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Thread: New PC Rig

  1. #1
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    New PC Rig

    Hey, getting a:

    Xion Vulcan case
    4 GB DDR3 ram
    500 GB harddrive
    GTS 250 geforce videocard

    Any tips, do's and dont's?


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  3. #2
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    Your forgetting a few parts....
    Most importantly the motherboard and processor.
    Are you making it yourself? If so, then I would advise shelling out on a more expensive motherboard to make it easier to upgrade. Make sure the chipset matches the processor though..
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  4. #3
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    Oh sorry -.-

    AMD AthlonT II X2 250 Black Edition Dual-Core CPU

    Xion Vulcan case

    4 GB DDR3 ram

    500 GB harddrive

    GTS 250 1gb version geforce videocard

    MOTHERBOARD:Asus M4A78LT-M LE AM3, 2xDIMM, DDR3

  5. #4
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    Power Supply Make sure its over 500 watts or better (they do make higher than 500 up to 750 and more ) Because they will be draw in power from the Video card and Rom drives you add. Under powering system can really cause problems later.


    if you add up the wattage up that your video CPU and Drives demand and make sure you have the what will be a bit more. I am upgrading a SLI board with 2 video cards(this is Duel Video card system) I will be upping my Power to make sure that the cards run right. I will also be adding larger drives as well and since i can run SATA and IDE on this board I will have more than just 2 hard drives but also may add things like Blue-ray DVD /Burner as they price makes it affordable Aldo think about air circulation in your case .. the more power on your cards and CPUs the more heat that build up so think about fans and moving air Too much heat and the system slows and down it can go.

    I work on computers for living .. and seeing that some graphic cards are getting up toi 1 gb and higher soon Power Supplies will also go up as will heat.

    The good thing it that Hard drive will demand less power on your new system.

    CC

  6. #5
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    AS CC said make sure with that set up you have a 500W+ PSU and that it has a 6 pin vga power cord, or that your card comes with a split molex adapter for this.

    Also that motherboard is a micro ATX, and is a smaller form factor, that does not mean it will not preform as well as a full ATX but because of the size of a gts 250, you may have some of your expansion slots covered, and also your stuck with 4gb of ram, because of 2x dimm slots, and not the 4 slots on mosty full ATX. for future upgrades. Also the placement of the 24pin power input, your cable will go over the RAM slots most likely, not a big thing, but may increase heat, for the RAM.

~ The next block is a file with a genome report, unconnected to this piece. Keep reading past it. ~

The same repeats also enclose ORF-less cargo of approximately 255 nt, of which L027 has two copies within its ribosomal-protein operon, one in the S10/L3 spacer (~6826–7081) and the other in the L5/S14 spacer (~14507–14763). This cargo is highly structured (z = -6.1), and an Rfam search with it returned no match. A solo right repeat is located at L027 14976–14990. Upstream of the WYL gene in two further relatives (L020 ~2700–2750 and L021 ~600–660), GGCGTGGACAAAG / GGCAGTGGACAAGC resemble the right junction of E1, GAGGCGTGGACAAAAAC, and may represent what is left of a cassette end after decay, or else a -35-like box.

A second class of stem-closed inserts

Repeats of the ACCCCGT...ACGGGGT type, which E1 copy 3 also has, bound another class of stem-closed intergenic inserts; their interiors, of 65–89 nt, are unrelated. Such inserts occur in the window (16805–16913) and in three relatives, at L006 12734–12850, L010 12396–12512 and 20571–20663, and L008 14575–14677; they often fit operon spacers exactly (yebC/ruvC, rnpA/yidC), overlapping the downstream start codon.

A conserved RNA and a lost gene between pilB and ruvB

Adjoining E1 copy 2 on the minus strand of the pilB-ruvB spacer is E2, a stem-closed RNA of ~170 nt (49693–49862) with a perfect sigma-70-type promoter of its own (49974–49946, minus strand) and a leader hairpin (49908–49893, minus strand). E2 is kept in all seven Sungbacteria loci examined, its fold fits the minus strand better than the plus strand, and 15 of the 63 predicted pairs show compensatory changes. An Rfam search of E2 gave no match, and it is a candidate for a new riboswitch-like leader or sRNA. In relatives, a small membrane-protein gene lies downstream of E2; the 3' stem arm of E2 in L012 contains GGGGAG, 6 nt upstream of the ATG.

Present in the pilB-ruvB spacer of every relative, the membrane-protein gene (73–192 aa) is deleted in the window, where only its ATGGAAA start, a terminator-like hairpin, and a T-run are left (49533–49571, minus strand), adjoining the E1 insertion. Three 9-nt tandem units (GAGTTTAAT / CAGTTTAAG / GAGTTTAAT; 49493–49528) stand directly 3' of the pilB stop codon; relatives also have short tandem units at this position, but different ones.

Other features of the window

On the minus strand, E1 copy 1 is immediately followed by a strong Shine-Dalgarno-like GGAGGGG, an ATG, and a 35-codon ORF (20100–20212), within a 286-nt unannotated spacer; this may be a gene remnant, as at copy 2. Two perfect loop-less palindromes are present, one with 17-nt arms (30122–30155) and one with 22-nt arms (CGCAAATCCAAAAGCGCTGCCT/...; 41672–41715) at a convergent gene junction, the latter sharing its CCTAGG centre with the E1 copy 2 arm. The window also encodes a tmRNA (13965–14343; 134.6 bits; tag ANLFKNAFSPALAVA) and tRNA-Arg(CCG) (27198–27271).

There are some nice full atx options for AM3, or even AM2+/AM3 (designed around similar di's so compatible) that are in same price range, and as stated before mobo is the most integral part for making it last/upgrading in the future. ASUS is very reliable brand, same with gigabyte, and a newcomer is the ECS black series mobo's.

    Anyway hope this helps.
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  7. #6
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    Oh another thing if the new Motherboard supports DDR3 get it DDR2 is good but I seeing some good things on 3.
    I seeing that Video cards are doing same with the memory..
    the best is to make sure all you memory matches in Buss speed and spend the funds if you can(cheap isn't does not always mean you will get good memory) Kingston has been doing well for me .. Corsair is getting pricey again . but all memory is high right now.
    Oh what OS will you be running? XP pro still the best .. Win 7 (vista lite) better in that line as the turn off a bunch to get it to work with less memory(you don't need gb to run it anymore) but they seem to be pushing 64 bit and I not sure all the graphic programs work in 64bit just yet I do know I am still making list and has issues with PS and Painter. Plus some graphic card 64bit drive are still bit off. update often all if you are in 64 bit.
    I running duel boot system with XP and win7 and I am seeing some vast compatibility issues that will take time with some programs to be patched up.
    I know that my next Laptop will be system with 1GB graphic card and most likely have win7 but only because that.s when they will sell not because I have a choices in that matter now. I beta tested it and I know where to spend the time to fix it.(hm maybe I need to address this in another thread ?)
    You have the making and good advice her from many you should a good kick butt system up and running soon. looking forward to seeing you do some great work on it.

    See ya

    CC

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    Did anyone else read - 'New RC Pig'?

    Dissappointment..